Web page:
Negotiating the visual and textual landscape in Japan can be perplexing enough: not only are there the Chinese characters, or kanji, but there are two syllabaries — hiragana and katakana — the latter reserved mostly for loan words from whatever language; additionally there is a large smattering of words from English written in Roman characters, romaji, which are sometimes English and at other times English-ish. This last category often is the most perplexing.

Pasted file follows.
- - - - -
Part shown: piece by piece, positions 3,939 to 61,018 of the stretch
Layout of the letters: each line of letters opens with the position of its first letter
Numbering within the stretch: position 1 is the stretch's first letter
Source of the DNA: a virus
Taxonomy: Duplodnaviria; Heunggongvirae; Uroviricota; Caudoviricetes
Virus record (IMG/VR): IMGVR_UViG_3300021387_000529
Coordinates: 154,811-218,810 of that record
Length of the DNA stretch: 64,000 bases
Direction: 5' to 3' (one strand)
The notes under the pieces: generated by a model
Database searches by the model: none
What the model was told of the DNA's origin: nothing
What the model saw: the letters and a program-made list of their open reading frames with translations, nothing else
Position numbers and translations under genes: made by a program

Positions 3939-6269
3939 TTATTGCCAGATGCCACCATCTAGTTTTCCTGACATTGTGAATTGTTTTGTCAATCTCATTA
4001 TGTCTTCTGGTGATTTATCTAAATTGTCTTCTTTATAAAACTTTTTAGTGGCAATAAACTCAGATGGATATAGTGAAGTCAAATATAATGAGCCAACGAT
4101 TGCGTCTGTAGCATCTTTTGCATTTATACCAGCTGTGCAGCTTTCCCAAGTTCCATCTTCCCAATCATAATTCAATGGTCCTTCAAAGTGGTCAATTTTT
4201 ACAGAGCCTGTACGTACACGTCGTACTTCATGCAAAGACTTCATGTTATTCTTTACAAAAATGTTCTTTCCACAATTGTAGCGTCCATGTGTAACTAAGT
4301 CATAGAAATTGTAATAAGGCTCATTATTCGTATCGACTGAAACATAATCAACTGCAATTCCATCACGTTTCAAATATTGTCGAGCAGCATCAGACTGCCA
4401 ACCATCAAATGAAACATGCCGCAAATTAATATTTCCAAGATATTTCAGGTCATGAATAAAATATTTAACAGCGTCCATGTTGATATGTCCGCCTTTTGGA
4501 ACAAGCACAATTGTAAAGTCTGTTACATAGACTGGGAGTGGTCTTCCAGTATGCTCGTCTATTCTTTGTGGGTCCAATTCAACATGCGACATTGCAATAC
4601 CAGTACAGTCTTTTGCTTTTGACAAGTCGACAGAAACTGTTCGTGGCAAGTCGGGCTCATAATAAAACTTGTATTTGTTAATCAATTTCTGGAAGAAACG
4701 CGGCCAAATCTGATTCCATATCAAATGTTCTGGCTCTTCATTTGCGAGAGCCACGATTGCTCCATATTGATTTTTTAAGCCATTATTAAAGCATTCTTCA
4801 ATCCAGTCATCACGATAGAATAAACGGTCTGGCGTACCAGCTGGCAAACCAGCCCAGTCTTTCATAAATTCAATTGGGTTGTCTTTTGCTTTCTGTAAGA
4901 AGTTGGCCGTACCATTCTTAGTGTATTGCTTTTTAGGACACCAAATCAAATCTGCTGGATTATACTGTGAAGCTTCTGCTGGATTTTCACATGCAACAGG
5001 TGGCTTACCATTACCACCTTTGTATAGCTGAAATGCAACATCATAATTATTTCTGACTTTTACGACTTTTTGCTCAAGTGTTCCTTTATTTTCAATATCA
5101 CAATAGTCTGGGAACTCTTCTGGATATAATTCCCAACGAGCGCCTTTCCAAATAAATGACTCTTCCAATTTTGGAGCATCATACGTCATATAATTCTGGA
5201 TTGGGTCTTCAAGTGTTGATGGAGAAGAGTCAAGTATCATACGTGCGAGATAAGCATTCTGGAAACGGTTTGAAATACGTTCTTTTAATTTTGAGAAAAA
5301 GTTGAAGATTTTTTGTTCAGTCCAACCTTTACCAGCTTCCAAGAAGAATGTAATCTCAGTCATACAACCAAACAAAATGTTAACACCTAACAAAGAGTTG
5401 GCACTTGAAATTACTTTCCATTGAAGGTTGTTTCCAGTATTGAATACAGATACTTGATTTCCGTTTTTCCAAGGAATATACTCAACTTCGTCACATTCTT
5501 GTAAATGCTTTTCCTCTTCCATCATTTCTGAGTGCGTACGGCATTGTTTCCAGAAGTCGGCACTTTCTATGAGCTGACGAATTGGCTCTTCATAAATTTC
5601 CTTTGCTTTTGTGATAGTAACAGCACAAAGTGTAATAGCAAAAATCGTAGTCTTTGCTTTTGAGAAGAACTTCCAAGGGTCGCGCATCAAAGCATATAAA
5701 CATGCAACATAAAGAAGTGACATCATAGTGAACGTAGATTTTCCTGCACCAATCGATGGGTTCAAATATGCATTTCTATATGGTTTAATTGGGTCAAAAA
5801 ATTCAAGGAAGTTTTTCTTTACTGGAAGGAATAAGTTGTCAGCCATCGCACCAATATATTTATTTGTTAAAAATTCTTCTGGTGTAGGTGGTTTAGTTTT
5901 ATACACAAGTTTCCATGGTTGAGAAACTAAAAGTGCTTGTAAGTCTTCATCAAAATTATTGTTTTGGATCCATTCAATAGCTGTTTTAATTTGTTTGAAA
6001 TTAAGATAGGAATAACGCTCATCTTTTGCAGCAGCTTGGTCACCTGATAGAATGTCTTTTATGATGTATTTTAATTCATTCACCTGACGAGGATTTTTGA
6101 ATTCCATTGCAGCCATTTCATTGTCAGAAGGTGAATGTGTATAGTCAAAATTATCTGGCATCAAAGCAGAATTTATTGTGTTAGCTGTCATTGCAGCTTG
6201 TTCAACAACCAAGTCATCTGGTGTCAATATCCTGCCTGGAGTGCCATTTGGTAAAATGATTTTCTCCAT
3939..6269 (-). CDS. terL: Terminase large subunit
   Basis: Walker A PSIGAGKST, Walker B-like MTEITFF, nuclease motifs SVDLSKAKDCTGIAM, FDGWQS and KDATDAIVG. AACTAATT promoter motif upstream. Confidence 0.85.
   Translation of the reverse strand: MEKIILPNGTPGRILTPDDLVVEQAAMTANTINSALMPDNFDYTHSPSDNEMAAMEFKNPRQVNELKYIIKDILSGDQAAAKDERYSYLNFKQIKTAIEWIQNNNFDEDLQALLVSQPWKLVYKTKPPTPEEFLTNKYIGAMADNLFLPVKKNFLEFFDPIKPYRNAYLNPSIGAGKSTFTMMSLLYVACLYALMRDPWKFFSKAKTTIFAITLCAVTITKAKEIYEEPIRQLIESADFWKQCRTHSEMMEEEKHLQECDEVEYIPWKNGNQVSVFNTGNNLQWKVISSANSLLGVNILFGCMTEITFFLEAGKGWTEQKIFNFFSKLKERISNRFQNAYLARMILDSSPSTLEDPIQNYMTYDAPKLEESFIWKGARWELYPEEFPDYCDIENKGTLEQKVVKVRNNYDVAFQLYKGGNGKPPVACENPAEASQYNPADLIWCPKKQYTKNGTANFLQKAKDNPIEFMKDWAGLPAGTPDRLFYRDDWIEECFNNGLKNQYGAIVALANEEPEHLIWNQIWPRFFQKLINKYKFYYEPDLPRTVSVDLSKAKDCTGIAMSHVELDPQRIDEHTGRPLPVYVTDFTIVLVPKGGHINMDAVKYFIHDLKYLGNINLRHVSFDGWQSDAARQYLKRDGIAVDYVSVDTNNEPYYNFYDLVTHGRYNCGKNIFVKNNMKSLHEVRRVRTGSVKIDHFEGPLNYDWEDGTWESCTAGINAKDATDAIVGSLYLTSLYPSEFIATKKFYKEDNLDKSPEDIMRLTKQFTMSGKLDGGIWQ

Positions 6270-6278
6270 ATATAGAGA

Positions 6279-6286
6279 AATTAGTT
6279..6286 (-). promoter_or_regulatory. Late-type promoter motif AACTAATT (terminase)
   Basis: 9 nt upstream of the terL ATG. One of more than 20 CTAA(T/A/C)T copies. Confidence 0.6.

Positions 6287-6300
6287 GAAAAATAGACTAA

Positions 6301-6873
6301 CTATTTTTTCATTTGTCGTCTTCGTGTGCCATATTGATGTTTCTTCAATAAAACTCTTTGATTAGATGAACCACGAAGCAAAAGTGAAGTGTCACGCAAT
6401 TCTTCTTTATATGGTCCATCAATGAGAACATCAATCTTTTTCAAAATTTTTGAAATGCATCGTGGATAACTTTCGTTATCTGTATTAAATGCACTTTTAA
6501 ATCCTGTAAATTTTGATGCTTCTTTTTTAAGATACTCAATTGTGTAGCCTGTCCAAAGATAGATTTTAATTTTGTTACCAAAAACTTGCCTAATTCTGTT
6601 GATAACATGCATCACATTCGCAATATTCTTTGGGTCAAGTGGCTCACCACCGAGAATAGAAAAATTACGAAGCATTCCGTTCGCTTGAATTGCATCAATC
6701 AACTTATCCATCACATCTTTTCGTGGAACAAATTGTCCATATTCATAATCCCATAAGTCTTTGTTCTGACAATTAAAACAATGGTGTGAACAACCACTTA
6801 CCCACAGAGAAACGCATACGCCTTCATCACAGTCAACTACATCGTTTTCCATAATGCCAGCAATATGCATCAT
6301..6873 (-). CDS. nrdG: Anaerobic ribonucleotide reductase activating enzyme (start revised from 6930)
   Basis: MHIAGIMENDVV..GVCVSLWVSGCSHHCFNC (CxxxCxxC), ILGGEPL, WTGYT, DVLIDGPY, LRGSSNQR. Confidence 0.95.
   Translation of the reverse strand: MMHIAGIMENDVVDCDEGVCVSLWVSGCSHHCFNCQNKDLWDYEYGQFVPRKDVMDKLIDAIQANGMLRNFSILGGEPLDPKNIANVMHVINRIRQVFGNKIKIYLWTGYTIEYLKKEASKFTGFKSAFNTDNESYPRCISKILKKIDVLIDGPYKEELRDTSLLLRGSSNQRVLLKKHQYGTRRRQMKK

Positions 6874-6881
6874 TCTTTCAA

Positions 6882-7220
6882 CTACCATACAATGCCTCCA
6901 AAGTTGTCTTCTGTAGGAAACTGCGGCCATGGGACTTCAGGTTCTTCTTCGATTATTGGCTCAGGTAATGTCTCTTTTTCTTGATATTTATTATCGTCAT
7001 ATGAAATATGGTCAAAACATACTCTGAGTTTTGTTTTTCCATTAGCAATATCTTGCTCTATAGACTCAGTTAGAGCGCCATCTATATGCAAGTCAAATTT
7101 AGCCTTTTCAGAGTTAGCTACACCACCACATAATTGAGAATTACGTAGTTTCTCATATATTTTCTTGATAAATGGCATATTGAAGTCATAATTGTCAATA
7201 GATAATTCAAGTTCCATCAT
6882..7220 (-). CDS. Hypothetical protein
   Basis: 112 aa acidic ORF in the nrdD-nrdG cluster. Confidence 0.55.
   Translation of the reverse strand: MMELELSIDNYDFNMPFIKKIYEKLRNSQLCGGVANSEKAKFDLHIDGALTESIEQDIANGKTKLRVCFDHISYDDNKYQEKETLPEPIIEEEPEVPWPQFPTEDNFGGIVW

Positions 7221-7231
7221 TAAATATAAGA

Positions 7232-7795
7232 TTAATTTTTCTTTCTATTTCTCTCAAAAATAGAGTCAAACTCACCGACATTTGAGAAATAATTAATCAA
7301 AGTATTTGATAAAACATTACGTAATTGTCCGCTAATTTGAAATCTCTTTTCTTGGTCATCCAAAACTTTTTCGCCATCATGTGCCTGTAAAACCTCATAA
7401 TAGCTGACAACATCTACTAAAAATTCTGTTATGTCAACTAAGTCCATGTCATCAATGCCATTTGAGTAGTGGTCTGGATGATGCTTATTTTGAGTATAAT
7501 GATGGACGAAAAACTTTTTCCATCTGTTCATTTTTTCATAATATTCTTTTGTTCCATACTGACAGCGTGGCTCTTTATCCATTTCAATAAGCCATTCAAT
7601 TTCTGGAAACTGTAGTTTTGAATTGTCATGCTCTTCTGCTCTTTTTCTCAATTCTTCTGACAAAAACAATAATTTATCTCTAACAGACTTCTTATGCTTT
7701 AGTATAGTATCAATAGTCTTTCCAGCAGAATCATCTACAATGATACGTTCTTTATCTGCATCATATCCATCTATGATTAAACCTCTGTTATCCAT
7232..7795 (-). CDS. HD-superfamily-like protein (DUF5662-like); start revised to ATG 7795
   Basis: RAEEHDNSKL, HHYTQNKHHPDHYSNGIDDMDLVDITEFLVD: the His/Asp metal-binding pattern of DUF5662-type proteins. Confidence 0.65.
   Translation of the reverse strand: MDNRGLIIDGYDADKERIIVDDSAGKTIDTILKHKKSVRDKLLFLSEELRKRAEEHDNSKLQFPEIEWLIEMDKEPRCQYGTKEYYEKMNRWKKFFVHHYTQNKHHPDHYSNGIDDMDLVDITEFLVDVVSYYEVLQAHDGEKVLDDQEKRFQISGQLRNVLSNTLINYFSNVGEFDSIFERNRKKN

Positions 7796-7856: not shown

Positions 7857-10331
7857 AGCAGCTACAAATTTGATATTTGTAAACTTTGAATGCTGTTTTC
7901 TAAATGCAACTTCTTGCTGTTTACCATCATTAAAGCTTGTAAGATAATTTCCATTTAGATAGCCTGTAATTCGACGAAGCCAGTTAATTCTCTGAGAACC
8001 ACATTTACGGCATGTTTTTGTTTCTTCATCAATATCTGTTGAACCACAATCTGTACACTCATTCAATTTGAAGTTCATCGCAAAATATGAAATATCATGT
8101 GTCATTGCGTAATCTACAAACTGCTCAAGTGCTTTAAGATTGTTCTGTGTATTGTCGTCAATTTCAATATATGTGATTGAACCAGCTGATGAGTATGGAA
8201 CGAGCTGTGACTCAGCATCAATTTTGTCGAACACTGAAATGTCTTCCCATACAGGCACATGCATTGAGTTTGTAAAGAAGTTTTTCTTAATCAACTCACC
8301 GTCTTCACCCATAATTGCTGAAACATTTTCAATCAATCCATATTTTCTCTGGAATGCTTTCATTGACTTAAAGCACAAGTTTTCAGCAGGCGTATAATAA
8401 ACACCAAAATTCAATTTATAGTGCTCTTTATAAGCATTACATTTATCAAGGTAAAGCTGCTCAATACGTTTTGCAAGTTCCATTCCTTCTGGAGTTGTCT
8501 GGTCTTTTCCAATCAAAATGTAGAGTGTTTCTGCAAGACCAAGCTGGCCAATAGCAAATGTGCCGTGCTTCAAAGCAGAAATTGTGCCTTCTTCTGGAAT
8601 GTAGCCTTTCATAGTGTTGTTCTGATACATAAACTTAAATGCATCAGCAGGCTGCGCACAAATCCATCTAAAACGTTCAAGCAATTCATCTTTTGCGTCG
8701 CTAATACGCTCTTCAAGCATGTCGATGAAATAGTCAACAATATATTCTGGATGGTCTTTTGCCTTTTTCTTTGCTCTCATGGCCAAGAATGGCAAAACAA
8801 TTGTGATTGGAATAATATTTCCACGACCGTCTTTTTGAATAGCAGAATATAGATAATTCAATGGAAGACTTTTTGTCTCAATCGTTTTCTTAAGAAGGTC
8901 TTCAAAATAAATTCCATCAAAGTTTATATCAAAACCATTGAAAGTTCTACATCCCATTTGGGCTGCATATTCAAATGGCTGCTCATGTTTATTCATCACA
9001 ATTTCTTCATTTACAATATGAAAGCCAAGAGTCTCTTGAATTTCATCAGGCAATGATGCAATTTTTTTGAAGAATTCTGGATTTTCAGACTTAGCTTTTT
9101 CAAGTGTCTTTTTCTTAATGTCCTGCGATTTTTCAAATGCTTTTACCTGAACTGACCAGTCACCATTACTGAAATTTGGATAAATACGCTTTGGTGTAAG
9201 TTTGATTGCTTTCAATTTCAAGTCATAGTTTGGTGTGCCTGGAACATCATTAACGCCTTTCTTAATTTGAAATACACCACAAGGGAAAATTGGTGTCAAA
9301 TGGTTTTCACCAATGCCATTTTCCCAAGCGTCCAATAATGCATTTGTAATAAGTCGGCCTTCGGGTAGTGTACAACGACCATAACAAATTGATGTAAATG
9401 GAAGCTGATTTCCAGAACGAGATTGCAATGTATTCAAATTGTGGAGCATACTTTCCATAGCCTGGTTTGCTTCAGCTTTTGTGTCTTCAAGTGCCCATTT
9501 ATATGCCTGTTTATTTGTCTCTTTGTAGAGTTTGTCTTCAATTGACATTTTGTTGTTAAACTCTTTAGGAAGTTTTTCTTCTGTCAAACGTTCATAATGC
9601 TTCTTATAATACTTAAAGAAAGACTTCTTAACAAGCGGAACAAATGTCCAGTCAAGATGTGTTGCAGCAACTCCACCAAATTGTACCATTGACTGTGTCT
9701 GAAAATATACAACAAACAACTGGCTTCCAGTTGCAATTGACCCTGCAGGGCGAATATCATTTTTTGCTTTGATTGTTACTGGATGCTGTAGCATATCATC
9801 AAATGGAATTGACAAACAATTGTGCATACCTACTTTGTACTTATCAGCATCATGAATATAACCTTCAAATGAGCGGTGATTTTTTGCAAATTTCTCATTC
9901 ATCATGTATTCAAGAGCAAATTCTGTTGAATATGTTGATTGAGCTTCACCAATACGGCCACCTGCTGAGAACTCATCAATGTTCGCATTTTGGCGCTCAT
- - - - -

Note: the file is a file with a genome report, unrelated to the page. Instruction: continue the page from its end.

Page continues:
Simple enough, right?
Not really, because it makes no sense in English. In Japanese, it is nicely ambiguous, since "a té" could mean an aim or an end (当て）or, with another character, (あ、手）it would read "Oh! a hand."
"Este" （エステ）is short for the French esthetique. In Japanese it means beauty salon or in some cases cosmetic surgery.
So there's some pretty hard mixing going on here.
Same day, different location:
It's French, or a kind of French I guess, but for the English reader it's comedic because we immediately associate it with the animal who sadly has no opposable thumb with which to bake. The Japanese pronunciation, like in the first example, turns the e into a long a. A pays. (But don't pronounce the s. In French. And I'm sure I'm missing an accent mark somewhere.)
Ah, language. C'est comme manger un singe.